As part of the Nelson Mandela centenary celebrations, bikers from across South Africa will ride for charity to mark Mandela Day next month…
As has become a tradition, and as part of the Nelson Mandela centenary celebrations, bikers from across South Africa will ride for charity to mark Mandela Day next month.
BIKERS FOR MANDELA DAY, in partnership with the Nelson Mandela Foundation, will this year rally in aid of “Keep a Girl Child in School”. The aim is to collect sanitary pads for the three million girls who miss school annually because they cannot afford basic sanitary products.
The initiative, which was started in 2010 by Nelson Mandela’s former personal assistant, Zelda la Grange, is aimed at celebrating Madiba’s legacy by helping the less fortunate. Bikers across the country are encouraged to participate by arranging a ride in their own cities, or by joining the mass rallies planned in Cape Town and Johannesburg on 14 and 15 July, respectively.
“This year’s rides will allow for more bikers to participate in this nine-year old tradition of having fun while doing good at the same time. Madiba believed that every small effort counts in bringing about change. My hope is that all riders of scooter bikes, superbikes and everything with two wheels and an engine will join us to make a massive impact to this cause. As little as R180 can provide enough sanitary pads to keep one girl in school for an entire year. A little can do so much,” says organiser, Zelda la Grange.
For Metro FM’s Angie Khumalo, who has been part of BIKERS FOR MANDELA DAY for the past seven years, the chance to “be part of something bigger than ourselves” was key to her decision to participate.“I think we get so bogged down with our own lives that we become desensitised to the plight of the less fortunate. For me personally, this will be a wonderful opportunity to become re-sensitized and I’m honoured to be able to participate in furthering Madiba’s legacy of giving your time for the betterment of the community. Being able to do that while riding my dream bike, is just a very tasty cherry on top.”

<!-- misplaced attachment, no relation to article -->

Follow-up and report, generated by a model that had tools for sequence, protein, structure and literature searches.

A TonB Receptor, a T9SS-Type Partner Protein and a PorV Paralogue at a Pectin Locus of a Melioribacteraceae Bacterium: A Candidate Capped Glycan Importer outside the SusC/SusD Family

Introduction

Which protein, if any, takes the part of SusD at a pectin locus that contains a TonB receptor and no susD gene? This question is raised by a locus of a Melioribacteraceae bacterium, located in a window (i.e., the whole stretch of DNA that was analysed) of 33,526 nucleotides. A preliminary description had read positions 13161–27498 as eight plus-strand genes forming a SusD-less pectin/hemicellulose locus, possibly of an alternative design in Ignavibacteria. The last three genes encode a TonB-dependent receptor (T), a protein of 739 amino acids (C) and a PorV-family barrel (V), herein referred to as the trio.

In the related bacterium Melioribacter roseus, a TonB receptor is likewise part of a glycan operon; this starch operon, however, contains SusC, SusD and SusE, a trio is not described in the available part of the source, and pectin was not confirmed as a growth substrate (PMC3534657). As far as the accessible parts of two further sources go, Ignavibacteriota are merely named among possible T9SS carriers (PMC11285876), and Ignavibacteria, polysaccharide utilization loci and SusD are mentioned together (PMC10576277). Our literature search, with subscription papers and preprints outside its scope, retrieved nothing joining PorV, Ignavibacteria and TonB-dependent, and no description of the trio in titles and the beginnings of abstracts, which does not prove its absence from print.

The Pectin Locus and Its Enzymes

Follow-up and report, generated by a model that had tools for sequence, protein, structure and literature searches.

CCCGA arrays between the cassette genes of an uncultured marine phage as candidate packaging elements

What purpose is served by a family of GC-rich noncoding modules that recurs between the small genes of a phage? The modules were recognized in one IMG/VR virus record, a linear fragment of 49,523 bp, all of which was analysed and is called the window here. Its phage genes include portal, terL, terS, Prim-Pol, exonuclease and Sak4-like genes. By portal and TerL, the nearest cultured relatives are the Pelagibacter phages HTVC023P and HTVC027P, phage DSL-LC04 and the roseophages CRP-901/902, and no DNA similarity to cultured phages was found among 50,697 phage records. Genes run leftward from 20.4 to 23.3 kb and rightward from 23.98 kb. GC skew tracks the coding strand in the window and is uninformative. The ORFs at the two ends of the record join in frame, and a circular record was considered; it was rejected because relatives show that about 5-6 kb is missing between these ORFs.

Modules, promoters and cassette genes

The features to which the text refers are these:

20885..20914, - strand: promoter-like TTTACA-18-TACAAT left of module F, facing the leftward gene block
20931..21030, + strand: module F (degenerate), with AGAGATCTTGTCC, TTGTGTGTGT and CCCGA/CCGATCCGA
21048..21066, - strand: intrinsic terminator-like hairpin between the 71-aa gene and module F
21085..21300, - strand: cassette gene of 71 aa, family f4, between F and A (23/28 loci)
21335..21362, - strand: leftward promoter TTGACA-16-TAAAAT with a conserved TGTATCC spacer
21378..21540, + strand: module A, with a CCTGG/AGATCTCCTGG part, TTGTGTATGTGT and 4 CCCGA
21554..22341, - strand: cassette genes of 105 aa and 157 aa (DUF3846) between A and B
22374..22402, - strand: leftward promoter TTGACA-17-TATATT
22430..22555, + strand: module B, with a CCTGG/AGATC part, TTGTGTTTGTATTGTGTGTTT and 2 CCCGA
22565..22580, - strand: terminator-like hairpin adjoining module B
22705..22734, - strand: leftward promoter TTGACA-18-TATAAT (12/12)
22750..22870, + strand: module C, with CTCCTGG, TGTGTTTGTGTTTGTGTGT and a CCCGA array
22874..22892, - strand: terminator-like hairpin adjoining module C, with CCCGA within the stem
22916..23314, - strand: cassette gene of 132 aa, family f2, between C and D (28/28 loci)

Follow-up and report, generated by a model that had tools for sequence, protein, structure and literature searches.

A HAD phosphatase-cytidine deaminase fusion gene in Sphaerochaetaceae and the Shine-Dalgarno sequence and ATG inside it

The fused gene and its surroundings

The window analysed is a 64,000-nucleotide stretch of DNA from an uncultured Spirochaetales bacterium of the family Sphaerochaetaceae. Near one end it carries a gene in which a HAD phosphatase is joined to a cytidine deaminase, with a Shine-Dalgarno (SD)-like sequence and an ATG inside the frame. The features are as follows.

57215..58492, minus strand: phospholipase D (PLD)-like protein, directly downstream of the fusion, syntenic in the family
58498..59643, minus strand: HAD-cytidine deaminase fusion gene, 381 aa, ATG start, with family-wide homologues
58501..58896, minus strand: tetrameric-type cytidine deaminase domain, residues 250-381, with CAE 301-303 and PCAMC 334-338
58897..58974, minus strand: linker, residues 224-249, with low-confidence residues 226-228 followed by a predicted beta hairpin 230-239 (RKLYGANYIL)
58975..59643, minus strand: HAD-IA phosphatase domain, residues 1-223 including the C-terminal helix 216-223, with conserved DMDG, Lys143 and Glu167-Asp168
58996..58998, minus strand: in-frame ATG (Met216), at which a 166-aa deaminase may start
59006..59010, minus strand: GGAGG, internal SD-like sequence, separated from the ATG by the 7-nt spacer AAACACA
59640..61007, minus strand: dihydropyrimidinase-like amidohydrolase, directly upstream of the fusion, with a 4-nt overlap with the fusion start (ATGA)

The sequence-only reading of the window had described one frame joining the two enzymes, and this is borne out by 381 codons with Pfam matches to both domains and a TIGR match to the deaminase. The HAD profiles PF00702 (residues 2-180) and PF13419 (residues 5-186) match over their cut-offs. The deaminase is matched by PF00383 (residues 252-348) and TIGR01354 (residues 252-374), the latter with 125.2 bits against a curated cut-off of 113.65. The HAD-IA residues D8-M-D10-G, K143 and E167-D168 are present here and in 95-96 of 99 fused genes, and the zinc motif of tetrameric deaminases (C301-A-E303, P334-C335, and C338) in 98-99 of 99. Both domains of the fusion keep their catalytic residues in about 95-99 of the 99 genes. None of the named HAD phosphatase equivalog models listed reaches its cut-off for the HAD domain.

On Saturday, 14 July, bikers are invited to meet at The Grand Parade in Cape Town CBD at 8:00am. The ride will then depart at 9:30am and travel to Drakenstein Prison. This is a City of Cape Town support initiative.
The Johannesburg rally will take place on Sunday, 15 July, from 8:00am at the Nelson Mandela Foundation in Houghton. By 9:30am the bikers will depart to travel to the Union Buildings in Pretoria.
Prospective riders can register for either rally, free of charge, at (website). Participants are asked to bring one pack of sanitary pads – or as many as they can afford or carry – for the ride. All the products donated will be distributed amongst underprivileged girls by BIKERS FOR MANDELA DAY’s project partner, Mimi Women – a proudly South African organisation that makes, sells and distributes sanitary pads. Representatives from the company will also be selling pads at both the Cape Town and Johannesburg events.
To enable those unable to join the planned event, local- and internationally, can donate towards the BIKERS FOR MANDELA DAY initiative. A crowdfunding page has been created in support of Mimi Women. To donate via GivenGain, visit https://www.givengain.com/e/bikersformandeladay2018/.
About Bikers for Mandela Day
BIKERS FOR MANDELA DAY’s maiden journey was undertaken by a group of riders from Johannesburg and Cape Town in 2010. Since then, more than 100 000 kilometres have been travelled across all provinces, as well as Botswana, Swaziland and Mozambique.
To date, more than 10 000 people have directly benefitted from the initiative. Over the past nine years, bikers have helped restore orphanages; delivered food and blankets to old age homes; provided stationery to schools; planted vegetables gardens in needy communities; and spruced up facilities at Rape Care centers’ and police stations across South Africa.
In particular, this initiative helped build a classroom at a crèche on a farm in De Rust in the Western Cape in 2010. Two years ago, it was reported that all the children from that crèche can read and write when going to primary school.
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